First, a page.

When “My Life” came out it quickly became my go-to Exhibit A for defending auto-tune to all those mid ’00s haters who still took their rap cues from Jay-Z and hungrily grasped at any opportunity to dismiss an innovation or new direction in rap.  I liked T-Pain a lot too but that was a hopeless position to take toward anyone who I’d be having this debate with, but Wayne’s auto-tune use was harder to dismiss, especially on such an emotionally deep and vulnerable song.  Cher (or, more accurately, one of Cher’s producers) introduced it to the world, T-Pain built an entire style on it and made it a household name, but I think Wayne deserves a lot of credit for paving the way for a less-gimmicky and more expressive use of the infamous Auto-Tune.  It’s his work that set the stage for Future, Chief Keef, and Young Thug to make some of the most interesting emotionally powerful music of the past decade, and I think “My Life” is a prime and often overlooked example of this.  This reaches beyond rap too, if Wayne hadn’t taken Auto-Tune’s use as an expressive tool to the next level and it had simply out of fashion when T-Pain did, would Bon Iver have made “Woods“?  Doubtful.

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Fat Trel – Truffle Butter (Freestyle)

Young Money needs to just start funneling all their hits through Fat Trel, he does way better than the artists with the “official versions”.  Remember his “Started From The Bottom“?

Maybe a more realistic idea would be for Trel to go full on ’07 Weezy and make a mixtape where he raps better than Young Money on all their own hits for a couple hours.  I mean how excellent would he sound on “Hookah“?  Or “Rich as Fuck“? Or “0 – 100”  — oh wait

Fat Trel – 0 – 100 / The Catch Up (Remix)

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I know I’ve spoken on this a couple times already, but seriously how can Wayne make Thug change the name of his album and then put out a song like this that’s basically one “Woop!” adlib away from being a lawsuit-worthy “Givenchy” ripoff?

Lil’ Wayne – Hollyweezy

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I really wanted this new Boosie single to be a Bone Thugs reference but instead it’s a much more well-trod Big Pun/Lil’ Wayne/Rich Homie Quan/Ty$/etc. etc. reference.

Lil’ Boosie – Retaliation [2015]

Ty$ – Stand For [2014]

YG – My Nigga (feat. Rich Homie Quan & Young Jeezy) [2013]

Lil’ Wayne – Ride 4 My Niggas [2007]

Big Pun – Off Wit His Head (feat. Prospect) [2000]

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After being introduced to Quan’s incredible ode to his father after he was shot multiple times last September, I’ve been trying to keep a mental list of rap songs dedicated to fathers; a remarkably more difficult task than spotting the more plentiful mother-oriented rap song. This song knocked me on my ass when I was doing the dishes yesterday, and rival’s Quan’s in its staggering emotional power.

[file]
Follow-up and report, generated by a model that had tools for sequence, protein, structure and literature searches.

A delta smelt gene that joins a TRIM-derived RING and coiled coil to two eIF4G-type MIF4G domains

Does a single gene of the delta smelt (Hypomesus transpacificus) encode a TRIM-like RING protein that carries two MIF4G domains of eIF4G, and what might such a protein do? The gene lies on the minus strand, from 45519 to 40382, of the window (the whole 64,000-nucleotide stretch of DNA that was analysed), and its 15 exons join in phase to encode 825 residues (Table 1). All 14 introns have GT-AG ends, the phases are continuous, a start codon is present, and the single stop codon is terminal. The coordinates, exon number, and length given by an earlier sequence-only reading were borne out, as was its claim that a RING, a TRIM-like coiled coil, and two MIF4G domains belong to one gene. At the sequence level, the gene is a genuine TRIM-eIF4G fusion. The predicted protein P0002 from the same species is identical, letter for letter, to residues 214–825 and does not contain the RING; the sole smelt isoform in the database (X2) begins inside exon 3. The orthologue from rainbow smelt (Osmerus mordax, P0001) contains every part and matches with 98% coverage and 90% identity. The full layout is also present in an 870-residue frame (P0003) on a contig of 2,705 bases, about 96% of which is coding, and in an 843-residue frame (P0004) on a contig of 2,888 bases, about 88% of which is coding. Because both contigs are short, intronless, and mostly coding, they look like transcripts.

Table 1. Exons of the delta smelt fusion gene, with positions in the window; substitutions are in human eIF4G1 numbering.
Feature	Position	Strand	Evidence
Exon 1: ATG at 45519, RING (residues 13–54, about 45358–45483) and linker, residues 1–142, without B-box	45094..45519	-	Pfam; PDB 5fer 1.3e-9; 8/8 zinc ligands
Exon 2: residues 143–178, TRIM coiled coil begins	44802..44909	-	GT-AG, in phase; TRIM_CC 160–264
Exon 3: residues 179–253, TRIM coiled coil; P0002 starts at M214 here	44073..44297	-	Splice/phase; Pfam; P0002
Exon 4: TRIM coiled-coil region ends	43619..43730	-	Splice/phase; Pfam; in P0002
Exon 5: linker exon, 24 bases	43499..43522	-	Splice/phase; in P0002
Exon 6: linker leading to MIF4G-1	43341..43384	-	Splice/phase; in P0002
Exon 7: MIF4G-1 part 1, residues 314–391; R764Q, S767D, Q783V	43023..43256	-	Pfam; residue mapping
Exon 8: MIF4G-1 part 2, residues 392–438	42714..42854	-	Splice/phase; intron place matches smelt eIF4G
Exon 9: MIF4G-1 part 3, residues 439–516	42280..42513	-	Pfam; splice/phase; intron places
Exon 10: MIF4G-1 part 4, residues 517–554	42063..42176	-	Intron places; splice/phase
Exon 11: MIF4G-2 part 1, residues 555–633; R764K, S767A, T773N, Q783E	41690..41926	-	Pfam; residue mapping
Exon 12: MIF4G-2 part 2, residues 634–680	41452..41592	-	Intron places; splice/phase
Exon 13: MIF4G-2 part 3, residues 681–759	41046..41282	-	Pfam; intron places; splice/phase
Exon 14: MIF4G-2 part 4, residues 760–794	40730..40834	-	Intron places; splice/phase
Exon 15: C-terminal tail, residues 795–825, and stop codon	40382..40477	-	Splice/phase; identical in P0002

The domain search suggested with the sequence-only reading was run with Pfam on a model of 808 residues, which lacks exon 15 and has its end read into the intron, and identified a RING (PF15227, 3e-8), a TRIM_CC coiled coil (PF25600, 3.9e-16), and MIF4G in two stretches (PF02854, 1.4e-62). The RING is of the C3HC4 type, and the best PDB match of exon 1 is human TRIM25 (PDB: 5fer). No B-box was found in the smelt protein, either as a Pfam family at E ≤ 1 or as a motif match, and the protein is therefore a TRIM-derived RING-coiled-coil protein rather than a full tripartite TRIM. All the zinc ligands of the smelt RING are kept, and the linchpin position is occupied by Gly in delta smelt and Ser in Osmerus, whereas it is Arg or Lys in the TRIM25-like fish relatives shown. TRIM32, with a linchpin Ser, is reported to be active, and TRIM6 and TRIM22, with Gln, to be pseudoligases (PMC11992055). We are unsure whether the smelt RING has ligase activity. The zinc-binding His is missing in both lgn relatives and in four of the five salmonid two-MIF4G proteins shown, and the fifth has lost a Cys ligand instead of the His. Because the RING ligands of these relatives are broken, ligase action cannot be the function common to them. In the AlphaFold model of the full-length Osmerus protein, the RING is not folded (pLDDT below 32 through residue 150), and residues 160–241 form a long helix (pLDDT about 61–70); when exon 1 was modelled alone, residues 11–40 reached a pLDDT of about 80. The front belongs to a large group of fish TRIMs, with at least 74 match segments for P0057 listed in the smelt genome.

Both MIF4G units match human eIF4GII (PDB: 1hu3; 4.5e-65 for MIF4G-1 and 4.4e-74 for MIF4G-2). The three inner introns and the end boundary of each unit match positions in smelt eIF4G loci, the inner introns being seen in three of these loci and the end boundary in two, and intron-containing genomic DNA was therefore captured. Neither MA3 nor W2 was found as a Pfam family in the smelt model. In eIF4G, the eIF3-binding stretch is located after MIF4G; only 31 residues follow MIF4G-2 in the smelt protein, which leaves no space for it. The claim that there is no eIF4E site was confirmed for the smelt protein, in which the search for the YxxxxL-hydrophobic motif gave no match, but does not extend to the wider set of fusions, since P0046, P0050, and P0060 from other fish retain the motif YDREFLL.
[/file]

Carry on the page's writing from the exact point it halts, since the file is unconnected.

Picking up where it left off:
Pimp C – I Miss U (feat. Tanya Herron & Z-Ro)

So far it seems like the only way to get rappers to talk about their dads in a positive light is after a tragedy (remember Wayne on “Everything“?), but if Quan, Pimp C, Z-Ro, and Wayne’s stories didn’t provide you with enough remorse for one sitting, follow this storyline from the video for the original sample.

Aaron Hall – I Miss You

And here’s a little bonus Lil’ B in the spirit of the most recent RAP JOURNEY.

Lil’ B – Never Going Back

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I guess Wayne and Thug didn’t think I illustrated my point clearly enough the first time around.

Rich Gang – Take Kare (feat. Young Thug & Lil’ Wayne)

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Today might be the official beginning of Wayne sounding like an old rapper.  Just like when Jay-Z released his first post-retirement single sounding more than a little rusty, or his grumpy old man-sounding “D.O.A.” from Blueprint 3, or maybe most appropriately when he tried to sound like every young, new pop rapper in “Tom Ford“, there are those moments where it’s hard not to feel like a rapper has lost touch with him/herself but is still trying to stay relevant in the industry by putting out “new-sounding” material.  Wayne’s is even more interesting than Jay’s though, because the rapper he’s emulating on his newest single got his start imitating Wayne (by his own admission even).  Just watch this progression:


Lil’ Wayne – Wasted


Young Thug – We Are


Young Thug – Danny Glover


Lil’ Wayne – Grindin’ (feat. Drake)

I’ll always love Wayne – I’ll always love Jay too – but let’s be real.  If you really listen to what’s coming out of their mouths recently, there’s really no other way to describe it but old.